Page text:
Amandla Stenberg Is The Black Feminist Icon Your Little Sister Needs

 

If you’d told me ten years ago that a bisexual black feminist with natural hair would make the cover of Teen Vogue, I never would have believed you.

But Amandla Steinberg – actress, activist, all around badass – not only graces the February cover, but was interviewed by one of the founding feminists of Black Girl Magic, Solange Knowles, and filmed a dope video campaign to go along with it. And let me tell you – the interview is so good, I just might go out and pick up a physical copy.

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“I think that as a black girl you grow up internalizing all these messages that say you shouldn’t accept your hair or your skin tone or your natural features, or that you shouldn’t have a voice, or that you aren’t smart,” Amandla said during her interview. “I feel like the only way to fight that is to just be yourself on the most genuine level and to connect with other black girls who are awakening and realizing that they’ve been trying to conform.”

Preach it, girl! Amandla also took over the magazine’s Snapchat for a day, during which time she came out as bisexual (!!) during one of her videos.

“We cannot be suppressed. We are meant to express our joy and our love and our tears and be big and bold and definitely not easy to swallow,” Amandla said during the vid. “I definitely believe in the concept of rebellion through selfhood and rebellion just by embracing your true identity no matter what you’re being told. Here I am being myself and it’s hard and vulnerable and it’s definitely a process but I’m learning and I’m growing.”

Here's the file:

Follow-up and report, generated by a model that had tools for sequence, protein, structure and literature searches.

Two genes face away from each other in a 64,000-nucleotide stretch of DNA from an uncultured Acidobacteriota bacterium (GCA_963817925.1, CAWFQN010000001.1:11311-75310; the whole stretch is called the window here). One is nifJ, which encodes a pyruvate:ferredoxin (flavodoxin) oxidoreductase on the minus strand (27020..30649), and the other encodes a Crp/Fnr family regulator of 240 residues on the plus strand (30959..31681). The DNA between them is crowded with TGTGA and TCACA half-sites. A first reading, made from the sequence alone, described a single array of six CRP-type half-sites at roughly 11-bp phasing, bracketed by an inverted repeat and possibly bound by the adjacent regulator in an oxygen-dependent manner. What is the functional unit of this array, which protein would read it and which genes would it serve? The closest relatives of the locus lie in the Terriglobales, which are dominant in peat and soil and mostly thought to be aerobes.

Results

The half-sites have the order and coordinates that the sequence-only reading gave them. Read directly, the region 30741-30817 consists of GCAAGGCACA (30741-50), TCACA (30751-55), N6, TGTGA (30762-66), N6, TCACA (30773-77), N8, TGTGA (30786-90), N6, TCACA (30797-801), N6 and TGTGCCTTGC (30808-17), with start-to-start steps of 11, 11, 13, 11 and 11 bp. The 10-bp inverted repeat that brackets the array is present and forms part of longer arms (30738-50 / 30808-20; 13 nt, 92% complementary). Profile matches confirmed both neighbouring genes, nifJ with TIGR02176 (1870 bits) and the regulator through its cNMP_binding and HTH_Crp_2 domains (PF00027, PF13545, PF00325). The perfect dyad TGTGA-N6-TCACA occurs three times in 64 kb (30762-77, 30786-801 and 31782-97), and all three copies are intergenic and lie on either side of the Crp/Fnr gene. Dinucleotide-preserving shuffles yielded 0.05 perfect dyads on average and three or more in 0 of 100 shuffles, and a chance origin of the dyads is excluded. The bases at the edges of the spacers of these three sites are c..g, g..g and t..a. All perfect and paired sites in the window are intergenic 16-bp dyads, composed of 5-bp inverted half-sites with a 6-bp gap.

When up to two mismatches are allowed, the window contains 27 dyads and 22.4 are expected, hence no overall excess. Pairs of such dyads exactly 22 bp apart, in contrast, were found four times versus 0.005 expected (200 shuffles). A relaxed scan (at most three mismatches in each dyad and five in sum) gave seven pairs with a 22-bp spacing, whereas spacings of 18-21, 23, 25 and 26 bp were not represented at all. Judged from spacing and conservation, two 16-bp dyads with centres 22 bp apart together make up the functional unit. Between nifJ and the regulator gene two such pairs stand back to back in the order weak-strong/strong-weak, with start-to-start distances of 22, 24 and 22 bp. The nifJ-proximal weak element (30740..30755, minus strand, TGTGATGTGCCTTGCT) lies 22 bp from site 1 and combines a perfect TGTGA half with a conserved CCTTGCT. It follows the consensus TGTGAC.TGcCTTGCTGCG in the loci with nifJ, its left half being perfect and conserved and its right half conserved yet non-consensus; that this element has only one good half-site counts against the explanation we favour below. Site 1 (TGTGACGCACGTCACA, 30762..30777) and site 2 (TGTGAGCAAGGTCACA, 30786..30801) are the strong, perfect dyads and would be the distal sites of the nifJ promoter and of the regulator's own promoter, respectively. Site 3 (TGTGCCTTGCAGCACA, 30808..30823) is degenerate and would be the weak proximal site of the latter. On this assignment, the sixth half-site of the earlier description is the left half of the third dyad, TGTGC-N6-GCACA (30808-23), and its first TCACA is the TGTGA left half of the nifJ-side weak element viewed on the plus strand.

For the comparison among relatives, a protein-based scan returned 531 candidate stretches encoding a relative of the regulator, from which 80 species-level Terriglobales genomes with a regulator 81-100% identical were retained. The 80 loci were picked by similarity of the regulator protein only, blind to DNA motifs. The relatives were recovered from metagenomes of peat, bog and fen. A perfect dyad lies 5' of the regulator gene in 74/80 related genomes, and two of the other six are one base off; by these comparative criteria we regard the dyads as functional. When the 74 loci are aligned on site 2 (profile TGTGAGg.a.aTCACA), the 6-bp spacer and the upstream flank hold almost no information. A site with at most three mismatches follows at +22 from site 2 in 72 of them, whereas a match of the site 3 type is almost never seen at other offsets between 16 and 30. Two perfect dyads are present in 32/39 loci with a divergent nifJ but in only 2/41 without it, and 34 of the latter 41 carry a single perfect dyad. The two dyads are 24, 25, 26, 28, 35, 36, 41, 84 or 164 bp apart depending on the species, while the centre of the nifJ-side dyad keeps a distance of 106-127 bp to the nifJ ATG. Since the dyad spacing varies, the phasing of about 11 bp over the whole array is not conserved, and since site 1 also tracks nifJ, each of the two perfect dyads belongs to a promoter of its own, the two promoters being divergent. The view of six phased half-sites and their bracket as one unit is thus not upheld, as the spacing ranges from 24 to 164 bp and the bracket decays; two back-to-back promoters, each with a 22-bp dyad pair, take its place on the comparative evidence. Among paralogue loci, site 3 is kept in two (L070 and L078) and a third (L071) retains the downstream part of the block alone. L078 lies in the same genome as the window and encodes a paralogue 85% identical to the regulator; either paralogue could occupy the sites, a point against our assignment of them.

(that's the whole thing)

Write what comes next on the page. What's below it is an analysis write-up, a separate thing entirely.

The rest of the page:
Rebellion through selfhood? A black girl just talked about that concept on a mainstream teen magazine’s social media account. What a time to be alive, ya’ll.

Not to get all grandpa on you, but back in my day, black feminism didn’t get this kind of recognition. It was something I felt alone in, something secret found only in a handful of zines and books I had to request from faraway libraries.

I’m so glad things are changing. Visibility is increasing and young black girls have people like Amandla to look up to. I’m especially happy to see black feminism in the pages of a magazine like Teen Vogue. As toxic media goes, Teen Vogue was pretty much a handbook on how to glorify thin, white, rich girls. (When my niece found an old issue in my parent’s basement a while back, I slapped that shit out of her hand so fast it made her head spin. Not today, Satan!)

I’m having a moment here, guys. I can feel a single tear growing behind my eye. When it feels like things are getting worse and worse for black folks (especially black women), it warms my heart to see black women with platforms using them to empower us all.

yas queen

Keep being awesome, Amandla. The world needs you. ❤

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